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A Long Way Gone: Chapters 3-4 October 8, 2007

Posted by Michelle in A Long Way Gone: Memoirs of a Boy Soldier by Ishmael B.


1. Michelle - October 8, 2007

A few random thoughts:

Chapter 3 talks of how much of the village went into hiding for fear of the RUF’s coming to town. Initially they boys didn’t go because Khalilou’s family had asked them to stay behind to help them carry their property. My reaction to that was – what? leave!. Then a bit later he says that though the majority of the town’s population was in hiding they were again left behind, this time not to carry Khalilou’s familiy’s belongings, but to **look after the house and to buy food to take to them while they were in hiding**. ?!?! Does this sound crazy to anyone else? It sounds very self-serving of that family to ask these boys to risk their lives like that. What do you guys think?

“… people started screaming and running in different directions… everyone just ran to save his or her life. Mothers lost their children, whose confused, sad cries coincided with the gunshots.” When I read this I was thinking, grab a kid!, and then wondering if I would have helped a child escape or if I would have tried to save myself. Then I wondered if he dealt with guilt. A few sentences later he writes: “… we ran past people who were stuck in the mud… who couldn’t be helped, for anyone who stopped to do so was risking his own life.”

“Young boys were immediately recruited, and the initials RUF were carved wherever it pleased the rebels, with a hoy bayonet.” Does he get carved I wonder?

I find it curious that people would not sell food. I suppose food & water become more important than currency as the fear of supplies running low at a time like this would be strong. His response: “I wanted to blame someone for this particular predicament, but there was no one to be blamed… It was a typical aspect of being the the war… no one had any control over anything.”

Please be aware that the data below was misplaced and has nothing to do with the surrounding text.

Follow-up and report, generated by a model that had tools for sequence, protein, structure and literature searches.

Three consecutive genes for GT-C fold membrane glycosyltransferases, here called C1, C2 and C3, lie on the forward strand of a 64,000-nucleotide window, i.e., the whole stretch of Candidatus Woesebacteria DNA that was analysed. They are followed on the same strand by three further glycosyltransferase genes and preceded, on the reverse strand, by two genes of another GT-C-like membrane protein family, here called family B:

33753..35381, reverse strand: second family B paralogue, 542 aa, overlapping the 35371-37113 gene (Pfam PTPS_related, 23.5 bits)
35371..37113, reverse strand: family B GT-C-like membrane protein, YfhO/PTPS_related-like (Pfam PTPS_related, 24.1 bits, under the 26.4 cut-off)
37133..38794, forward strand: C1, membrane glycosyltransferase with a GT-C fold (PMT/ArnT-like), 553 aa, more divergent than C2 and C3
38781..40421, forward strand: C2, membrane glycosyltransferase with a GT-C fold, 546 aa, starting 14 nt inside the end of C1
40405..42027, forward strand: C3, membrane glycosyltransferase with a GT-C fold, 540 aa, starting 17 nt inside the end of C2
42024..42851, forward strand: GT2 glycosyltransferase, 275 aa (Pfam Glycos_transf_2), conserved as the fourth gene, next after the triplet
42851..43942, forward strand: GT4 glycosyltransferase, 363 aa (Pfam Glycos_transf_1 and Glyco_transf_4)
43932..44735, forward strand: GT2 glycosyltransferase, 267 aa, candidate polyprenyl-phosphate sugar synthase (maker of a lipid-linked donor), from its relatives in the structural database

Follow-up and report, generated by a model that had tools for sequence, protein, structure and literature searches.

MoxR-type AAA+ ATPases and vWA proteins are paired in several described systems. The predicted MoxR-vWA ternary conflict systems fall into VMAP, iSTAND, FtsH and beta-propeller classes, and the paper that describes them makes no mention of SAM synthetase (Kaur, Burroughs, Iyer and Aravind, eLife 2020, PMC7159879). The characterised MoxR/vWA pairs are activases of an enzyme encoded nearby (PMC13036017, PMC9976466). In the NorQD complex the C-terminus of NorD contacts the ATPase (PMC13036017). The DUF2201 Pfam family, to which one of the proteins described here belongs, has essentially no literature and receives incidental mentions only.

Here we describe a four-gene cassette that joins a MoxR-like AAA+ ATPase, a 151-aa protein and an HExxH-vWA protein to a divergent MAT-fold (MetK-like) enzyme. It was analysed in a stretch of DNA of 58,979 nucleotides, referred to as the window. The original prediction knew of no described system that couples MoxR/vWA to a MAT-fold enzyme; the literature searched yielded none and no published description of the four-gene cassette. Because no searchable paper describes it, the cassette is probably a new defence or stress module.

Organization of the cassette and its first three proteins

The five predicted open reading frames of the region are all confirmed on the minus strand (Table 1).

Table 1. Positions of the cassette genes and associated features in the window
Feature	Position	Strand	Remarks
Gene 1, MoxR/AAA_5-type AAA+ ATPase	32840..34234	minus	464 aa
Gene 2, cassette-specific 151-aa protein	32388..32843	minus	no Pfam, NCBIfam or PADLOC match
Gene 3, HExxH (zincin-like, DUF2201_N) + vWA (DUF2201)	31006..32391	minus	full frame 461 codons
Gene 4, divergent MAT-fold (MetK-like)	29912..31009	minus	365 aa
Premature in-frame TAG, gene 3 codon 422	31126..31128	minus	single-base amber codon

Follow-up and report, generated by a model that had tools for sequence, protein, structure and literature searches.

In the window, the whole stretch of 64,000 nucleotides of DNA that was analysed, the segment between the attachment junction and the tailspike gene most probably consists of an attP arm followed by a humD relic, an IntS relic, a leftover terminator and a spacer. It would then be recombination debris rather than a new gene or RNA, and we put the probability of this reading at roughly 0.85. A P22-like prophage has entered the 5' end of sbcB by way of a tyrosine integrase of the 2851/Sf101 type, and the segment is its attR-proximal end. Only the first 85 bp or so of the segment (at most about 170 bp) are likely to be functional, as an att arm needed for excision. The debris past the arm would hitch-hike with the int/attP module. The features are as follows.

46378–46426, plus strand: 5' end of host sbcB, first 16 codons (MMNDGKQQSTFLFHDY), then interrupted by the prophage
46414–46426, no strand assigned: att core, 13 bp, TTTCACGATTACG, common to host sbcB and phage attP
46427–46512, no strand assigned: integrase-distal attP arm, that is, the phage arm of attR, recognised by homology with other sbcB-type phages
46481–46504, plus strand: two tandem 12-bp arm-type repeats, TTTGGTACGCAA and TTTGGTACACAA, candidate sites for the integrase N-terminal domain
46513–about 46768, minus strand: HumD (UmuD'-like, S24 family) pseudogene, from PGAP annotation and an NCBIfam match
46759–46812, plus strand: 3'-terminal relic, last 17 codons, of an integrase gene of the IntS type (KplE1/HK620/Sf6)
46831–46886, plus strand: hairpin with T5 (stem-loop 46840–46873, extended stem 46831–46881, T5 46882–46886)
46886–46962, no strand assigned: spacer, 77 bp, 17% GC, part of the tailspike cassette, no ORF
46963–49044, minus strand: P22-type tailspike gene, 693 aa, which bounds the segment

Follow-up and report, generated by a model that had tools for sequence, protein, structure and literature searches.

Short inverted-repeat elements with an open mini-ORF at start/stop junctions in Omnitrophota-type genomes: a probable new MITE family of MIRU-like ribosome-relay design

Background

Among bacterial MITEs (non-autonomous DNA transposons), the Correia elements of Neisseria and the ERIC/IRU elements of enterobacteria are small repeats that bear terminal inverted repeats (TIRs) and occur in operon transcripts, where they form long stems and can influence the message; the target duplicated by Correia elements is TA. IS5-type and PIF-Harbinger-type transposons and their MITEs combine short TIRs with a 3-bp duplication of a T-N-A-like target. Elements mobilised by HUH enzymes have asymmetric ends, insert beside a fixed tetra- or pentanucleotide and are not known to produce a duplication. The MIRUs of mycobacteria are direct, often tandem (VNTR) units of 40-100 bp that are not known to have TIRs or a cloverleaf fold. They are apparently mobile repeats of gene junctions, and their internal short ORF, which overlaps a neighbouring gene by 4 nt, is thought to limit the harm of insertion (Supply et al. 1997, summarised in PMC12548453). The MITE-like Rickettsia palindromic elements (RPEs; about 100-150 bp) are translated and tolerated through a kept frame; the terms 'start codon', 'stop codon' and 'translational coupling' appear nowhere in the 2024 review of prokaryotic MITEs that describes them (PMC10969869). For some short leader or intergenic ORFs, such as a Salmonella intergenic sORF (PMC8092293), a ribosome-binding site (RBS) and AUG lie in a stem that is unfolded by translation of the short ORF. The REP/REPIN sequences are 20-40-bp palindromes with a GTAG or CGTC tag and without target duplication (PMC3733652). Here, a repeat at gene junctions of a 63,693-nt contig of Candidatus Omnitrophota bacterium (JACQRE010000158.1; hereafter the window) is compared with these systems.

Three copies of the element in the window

Then “That night we were so hungry that we stole people’s food while they slept. It was the only way to get through the night.” At first I had no thought or reaction to them stealing food – it was what they had to do. Then I wondered, what if they had secured food and someone had stole it from them, what would I have thought/felt? It’s curious how different your response can be depending on who you are rooting for. We are following his story of survival and want him to fare well, but I’m sure the townsfolk who they stole the food from are equally innocent and worth rooting for. What must they have felt when they woke up to find their precious food gone? War makes lines like these very fuzzy, don’t they?

2. heatherelle - October 9, 2007

I think money (currency) becomes worthless in times of civil war. People have more faith in the tangible commodities like food and clothing than in a piece of paper produced by a government that’s being overthrown.

You’re right about our perspective, Michelle. It’s easy to take his side when we’re seeing everything through his eyes.

It’s hard for me to stomach the ruthlessness of this civil war. I don’t know if I’m just coming from such an idealized, American viewpoint, or what. I look at our own Revolution, and though bloody, it seemed like such a noble cause based on important principles. It’s hard to fathom fighting to topple a ruthless government and then going around raiding villages and killing just for the sake of killing. It just seems so senseless and without purpose.

3. catherine - October 10, 2007

I think what you say about the idealized, American viewpoint is probably pretty accurate. In one of the interviews on the book’s website, Beah addresses Americans in particular. He says we seem to have a romanticized view of war – (probably because Americans haven’t experienced it on their own land for a long, long time??) He makes the point that war is absolutely terrible, no matter what you’re fighting for. For those who are in it, there is nothing romantic about it at all.

I think these first few chapters really bring across the chaos – that nothing makes sense: “It was a typical aspect of being in the war. Things changed rapidly in a matter of seconds and no one had any control over anything.”

4. Ashleigh - October 13, 2007

Michelle, I had some of the same thoughts. I couldn’t believe that the family had left them behind to watch over the house. My reaction was: Who cares about the house? Human life is worth so much more. I wish we could’ve seen into the reasoning of this family and the decision. And, why did the boys agree to stay behind.

Also, when it came to stealing the food …